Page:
Over the next couple of months all of the essential equipment and components needed to load custom .358 Norma Magnum ammunition was purchased and put in place in my garage. I had read up on reloading and started to develop a working process and rudimentary skills. Also, the local custom ammunition manufacturer I had started working with some months earlier delivered his first loading with a relatively light weight (180 gr.) bullet designed for the velocities I had requested. Then, most importantly, my final instalment payment was made and the rifle arrived.
You know how it is when you receive something that was purchased sight unseen, you are almost always disappointed because reality rarely lives up to the image that the mind has created. In this case the experience was wonderfully the opposite. The custom BRNO VZ24 made by master gun maker Nick Von Flue was gorgeous in every way. The beautiful marbled stock was unmolested with perfectly sharp checkering and the metal work converting the robust Czech action into a fine sporting rifle was flawless. So much so, that it was difficult to take it out of the safe and onto the range. But, out I went, armed with a brand new chronograph, a brand new led-sled, factory ammunition, the first custom rounds from the local supplier, and my rifle, which, although not sold as such, appeared essentially unfired.
After some considerable set up time; getting the chronograph in place and aligned with the target, adjusting the lead sled and rough bore sighting the scope, everything was ready for initial sight-in and testing. I am sure I looked like a real newbie with all of my brand new gear. But the range owner “Billy” was accommodating and willing to offer some needed advice.
But back to those important first shots. As the Model 98 style action uses a controlled feed mechanism, a lone cartridge was loaded into the magazine and with a silky smooth movement the bolt was driven forward and the first round was…… firmly jammed halfway between the magazine and the chamber. Brutal!!! It took me 15 minutes, the whole time trying to be patient, to get that jammed round out of the action. A second round was more carefully loaded and when the bolt was brought forward it also jammed halfway home. I then tried Norma factory ammunition with the same result. Again, Brutal!!! I had been waiting for almost a year to get to that point in time when the rifle, purchased ammunition, reloading equipment, my own custom ammunition, range equipment and myself were all ready to go. There was obviously a problem with the rifle.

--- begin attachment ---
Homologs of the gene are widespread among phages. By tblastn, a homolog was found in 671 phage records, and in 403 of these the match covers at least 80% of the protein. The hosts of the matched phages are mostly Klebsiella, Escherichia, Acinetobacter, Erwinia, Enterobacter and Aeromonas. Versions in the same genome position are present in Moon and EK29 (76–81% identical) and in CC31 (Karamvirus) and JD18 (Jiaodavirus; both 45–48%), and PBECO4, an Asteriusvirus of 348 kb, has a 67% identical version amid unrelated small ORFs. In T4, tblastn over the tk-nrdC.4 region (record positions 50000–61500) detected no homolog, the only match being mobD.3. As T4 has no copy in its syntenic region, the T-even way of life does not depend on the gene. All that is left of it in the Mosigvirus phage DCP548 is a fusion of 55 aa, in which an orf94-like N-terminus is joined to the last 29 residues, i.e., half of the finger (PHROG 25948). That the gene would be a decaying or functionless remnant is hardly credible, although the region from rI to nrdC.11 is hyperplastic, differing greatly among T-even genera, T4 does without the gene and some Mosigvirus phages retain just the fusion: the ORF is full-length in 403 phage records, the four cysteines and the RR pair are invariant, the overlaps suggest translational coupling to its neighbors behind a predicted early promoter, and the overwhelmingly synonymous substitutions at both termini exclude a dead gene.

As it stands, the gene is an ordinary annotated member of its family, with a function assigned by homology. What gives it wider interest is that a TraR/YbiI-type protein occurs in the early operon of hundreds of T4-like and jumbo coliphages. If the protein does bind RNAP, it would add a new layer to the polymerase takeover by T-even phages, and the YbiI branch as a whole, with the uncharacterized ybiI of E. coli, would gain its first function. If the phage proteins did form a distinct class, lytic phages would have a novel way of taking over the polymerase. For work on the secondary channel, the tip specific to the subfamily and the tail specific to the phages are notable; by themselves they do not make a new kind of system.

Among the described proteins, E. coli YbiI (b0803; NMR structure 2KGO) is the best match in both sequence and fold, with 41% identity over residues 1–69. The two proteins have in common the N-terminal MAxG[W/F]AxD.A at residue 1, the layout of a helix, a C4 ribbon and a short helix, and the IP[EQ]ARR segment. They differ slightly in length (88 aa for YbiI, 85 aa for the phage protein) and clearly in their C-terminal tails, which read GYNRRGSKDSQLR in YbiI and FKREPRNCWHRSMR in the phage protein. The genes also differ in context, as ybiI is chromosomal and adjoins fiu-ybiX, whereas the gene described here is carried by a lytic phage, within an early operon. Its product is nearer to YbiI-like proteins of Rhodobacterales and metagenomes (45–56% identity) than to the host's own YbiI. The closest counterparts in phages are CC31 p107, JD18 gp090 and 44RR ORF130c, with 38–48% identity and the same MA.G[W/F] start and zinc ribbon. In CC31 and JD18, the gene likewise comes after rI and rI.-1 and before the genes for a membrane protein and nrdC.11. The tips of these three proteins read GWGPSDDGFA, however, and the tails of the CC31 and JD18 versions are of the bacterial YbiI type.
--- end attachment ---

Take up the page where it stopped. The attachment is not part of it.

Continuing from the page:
A little bit about the seller of this seemingly flawed firearm!
The seller of the rifle is Roger Rule, the author of The Rifleman’s Rifle (the definitive book on the Winchester pre-64 Model 70’s) who had graciously agreed to my many month long purchase process. https://www.amazon.com/Riflemans-Rifle-Winchesters-Model-1936-1963/dp/1438999054
I sent Roger an e-mail asking for his recommendation for a good rifle-smith who could be trusted to work on what I considered a “work of art”. But Roger is used to working with firearms of this quality and gave me a short list of highly qualified gunsmith’s who could do the work without significant risk. I talked with a couple of them and after further consultation with Roger selected a good competent gunsmith to work with. Almost immediately, I received a note from the gunsmith saying that Roger had contacted him and that he would be picking up the tab for the work. I let them both know that it was my rifle now, and I would be paying the price of ownership. The simple truth is that I was so happy with the quality of the rifle, there were no hard feelings about the feed problem at all. I had also developed an increasingly friendly relationship with Roger and learned that he had many admirable qualities. I found Roger to be honest, engaging and always willing to share the benefits of his long experience. I was clearly getting the better end of the bargain we had struck. In fact, as it turned out, the jamming was proof positive that the custom rifle was new and unfired. It was in fact, unfinished. The gunsmith confirmed that the final finishing steps from the custom build process had not been completed, adjusting the feed and fine-tuning the fit between the bolt face and chamber. Also, in spite of my protest Roger picked up the charges for the work to finish the rifle.
One final word on Roger Rule. I would buy another firearm from him without the slightest hesitation. In fact, he would be my first choice because he buys only the highest condition product he can find and he is honest in the description of his offerings. Roger is a first rate firearms dealer and after this experience working together I consider him a personal friend.
A couple weeks later, after a few hours across the gunsmith’s bench the rifle was ready to go and the project was now fully in my own hands. The short version of the plan was to develop loadings with 180, 200, and 225 grain bullets with energy levels that were staggered to deliver 60% of factory magnum loads for the lightest bullets, up to 80% of factory loads for the heavier bullets. Living in California, with a looming ban on lead bullets, it made sense to select Barnes copper alloy bullets alongside a leading lead core bullet. The project goals were further refined to fine tune muzzle velocities to match the ballistic coefficients of the selected bullets so that the resulting impact points would be within an inch of each other out to 300 yards. (With the scope setting zeroed at 200 yards, each of the progressively lower energy loads would deliver the bullet to the same point of impact (plus/minus 1 inch) from 50 yards out to 300 yards.